By Rafael Ocasio, coauthor of The Dissidence of Reinaldo Arenas: Queering Literature, Politics, and the Activist Curriculum.

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Content notice: This post deals with the topic of suicide.


“I have always considered it despicable to grovel for your life as if life were a favor. If you cannot live the way you want, there is no point in living.”—Reinaldo Arenas, Before Night Falls, ix

Reinaldo Arenas (1943-1990) arrived to the United States by means of the Mariel boatlift on May 5, 1980, and would soon become one of the most vocal counterrevolutionary activists of the Marielito refugees. Headquartered in New York City, Arenas initiated aggressive anti-Castro campaigns that earned him a contentious reputation. He was often labeled as a belligerent contender with a flair for tantrums and crude insults against his opponents.

Though he was an extroverted queer activist, Arenas initially disclosed his AIDS diagnosis to a handful of close friends. In 1987, he wrote to his dear friends Jorge and Margarita Camacho complaining about rare and debilitating physical ailments. His friends must not have been surprised about the bad news. Since 1981, the media had frequently reported about rare cases of pneumonia among homosexual men who were also battling Kaposi’s Sarcoma, an aggressive cancer previously uncommon in young individuals. A “homosexual cancer” was decimating Manhattan’s youthful queer communities; Hell’s Kitchen, Arenas’s impoverished barrio, was not an exception.

In spite of his debilitating condition, Arenas maintained active counterrevolutionary political campaigns while completing his pentagonía novels, or five anguished novels, and his autobiography, Antes que anochezca (1992); Before Night Falls (1993). Boldly told, the posthumously published autobiography was his final and most vociferous documentation of the violations to his human rights as a queer and dissident under the Castro regime. It is also an uncensored queer sexual narrative, fully intended to shock his readers with explicit descriptions of his participation in a vibrant underground homosexual community in Cuba that thrived in spite of rigid homophobic revolutionary regulations.  

AIDS precipitated Arenas’s decision to memorialize his life as a sexual outlaw. He disclosed intimate details about his sexual preferences, particularly his fondness for engaging in homosexual sexual acts on public beaches in the outskirts of Havana. These episodes were remembered, however, with an unusual combination of homosexual sexual desire and political activism. Another controversial revelation is his arrest at a public beach in 1973, which led to a charge under a criminal violation for corruption of minors. It was an entrapment, however; at the trial the presumed minors declared themselves to be adults. Arenas was still sentenced to jail, which he partially served in the Morro prison, until 1976. Nonetheless, in the autobiography he offered rather detailed descriptions of his sustained homosexual relations with teenage boys, of consensual legal age, whom Arenas vehemently claimed voluntarily entered into these sexual encounters.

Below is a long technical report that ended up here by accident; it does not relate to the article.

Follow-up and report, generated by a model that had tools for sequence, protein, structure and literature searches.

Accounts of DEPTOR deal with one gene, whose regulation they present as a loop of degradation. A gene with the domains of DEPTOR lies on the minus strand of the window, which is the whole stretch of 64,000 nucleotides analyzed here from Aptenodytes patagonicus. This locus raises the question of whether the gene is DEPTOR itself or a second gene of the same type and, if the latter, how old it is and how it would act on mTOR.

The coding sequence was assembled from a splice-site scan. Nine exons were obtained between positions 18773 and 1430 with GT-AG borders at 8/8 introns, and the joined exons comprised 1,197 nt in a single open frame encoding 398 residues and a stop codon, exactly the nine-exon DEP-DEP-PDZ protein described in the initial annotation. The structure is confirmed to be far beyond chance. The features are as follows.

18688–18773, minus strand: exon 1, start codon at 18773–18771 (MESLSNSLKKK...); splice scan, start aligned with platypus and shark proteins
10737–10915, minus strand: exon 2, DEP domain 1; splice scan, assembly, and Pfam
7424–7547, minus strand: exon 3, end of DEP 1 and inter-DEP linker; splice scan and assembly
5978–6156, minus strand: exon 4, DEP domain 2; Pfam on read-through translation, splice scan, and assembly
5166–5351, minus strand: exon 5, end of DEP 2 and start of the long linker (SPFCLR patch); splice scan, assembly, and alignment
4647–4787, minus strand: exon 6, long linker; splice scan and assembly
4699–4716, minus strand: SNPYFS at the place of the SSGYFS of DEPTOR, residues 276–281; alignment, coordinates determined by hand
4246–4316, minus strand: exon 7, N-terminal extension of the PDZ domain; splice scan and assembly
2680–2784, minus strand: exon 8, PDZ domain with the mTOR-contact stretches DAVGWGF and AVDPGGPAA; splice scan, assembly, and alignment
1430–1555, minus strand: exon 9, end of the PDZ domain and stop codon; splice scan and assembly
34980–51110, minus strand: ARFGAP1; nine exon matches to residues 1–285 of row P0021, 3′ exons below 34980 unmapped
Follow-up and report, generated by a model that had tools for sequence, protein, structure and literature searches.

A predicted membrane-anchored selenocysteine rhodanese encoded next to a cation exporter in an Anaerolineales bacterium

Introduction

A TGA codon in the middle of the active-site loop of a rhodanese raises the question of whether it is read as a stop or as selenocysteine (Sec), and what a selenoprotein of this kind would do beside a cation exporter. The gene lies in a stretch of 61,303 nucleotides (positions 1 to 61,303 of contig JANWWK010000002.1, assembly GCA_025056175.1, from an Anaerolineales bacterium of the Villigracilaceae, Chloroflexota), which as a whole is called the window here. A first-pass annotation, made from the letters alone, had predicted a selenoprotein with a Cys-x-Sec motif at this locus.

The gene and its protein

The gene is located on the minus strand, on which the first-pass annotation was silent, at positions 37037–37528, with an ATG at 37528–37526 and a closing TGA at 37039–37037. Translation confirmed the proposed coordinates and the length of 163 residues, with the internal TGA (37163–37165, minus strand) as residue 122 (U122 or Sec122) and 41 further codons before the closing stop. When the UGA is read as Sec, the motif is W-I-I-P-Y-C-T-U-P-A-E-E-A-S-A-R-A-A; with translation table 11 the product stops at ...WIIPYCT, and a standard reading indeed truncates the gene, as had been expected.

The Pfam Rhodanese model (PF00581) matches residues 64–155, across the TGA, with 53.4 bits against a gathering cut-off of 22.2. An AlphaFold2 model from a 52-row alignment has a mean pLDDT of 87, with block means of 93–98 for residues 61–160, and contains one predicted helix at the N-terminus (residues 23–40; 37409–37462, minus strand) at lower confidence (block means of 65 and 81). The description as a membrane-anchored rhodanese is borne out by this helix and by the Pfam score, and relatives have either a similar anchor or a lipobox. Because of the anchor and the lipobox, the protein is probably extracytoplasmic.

Although Arenas made a handful of references to AIDS in his autobiography, its presence strongly permeates the text, which was written while enduring three years of AIDS-related diseases. He was furiously battling his rather limited access to public medical treatments in New York City: “I was practically dying, but hospitals refused to admit me because I did not have the means to pay” (x). In August 1990, he concluded the autobiography with a short introduction that forecasted his eminent suicide and lamented his failure to even write about AIDS: “Now I see that I am almost coming to the end of this introduction, which is really my end, and I have not said much about AIDS” (xvi). A brief comment berates AIDS as an “alien to human nature,” an observation that made him declare: “Such diabolic perfection makes one ponder the possibility that human beings may have had a hand in its creation” (xvii). The unstoppable outlaw was finally defeated, in his words, by a “perfect illness” (xvii).       

AIDS continues to have a startling impact on people of color in the United States. In 2020, Latinx people accounted for 27% of new reported cases, second to 42% of cases among Black people. Latinx individuals still struggle to access proper medical care regardless of sexual orientation or immigration status. Arenas’s fight is certainly not over, as reflected in today’s highly contested sexual politics. His indictment rings true: “Moreover, all the rulers of the world, that reactionary class always in power, and the powerful within any system, must feel grateful to AIDS because a good part of the marginal population, whose only aspiration is to live and who therefore oppose all dogma and political hypocrisy, will be wiped out” (xvii).

Arenas died of suicide on December 7, 1990. His letter of suicide was both his most poignant counterrevolutionary statement and intimate examination of his feelings as an exile: “There is only one person I hold accountable: Fidel Castro. The sufferings of exile, the pain of being banished from my country, the loneliness, and the diseases contracted in exile would have probably never have happened if I had been able to enjoy freedom in my country” (317).


Bibliography:
Arenas, Reinaldo. Before Night Falls. Trans. Dolores Koch. New York: Viking, 1993.
“Diagnoses of HIV Infection in the United States and Dependent Areas 2020.” Centers for Disease Control and Prevention. https://www.cdc.gov/hiv/library/reports/hiv-surveillance/vol-33/index.html


Rafael Ocasio is the Charles A. Dana Spanish Professor at Agnes Scott College and coauthor of The Dissidence of Reinaldo Arenas: Queering Literature, Politics, and the Activist Curriculum.

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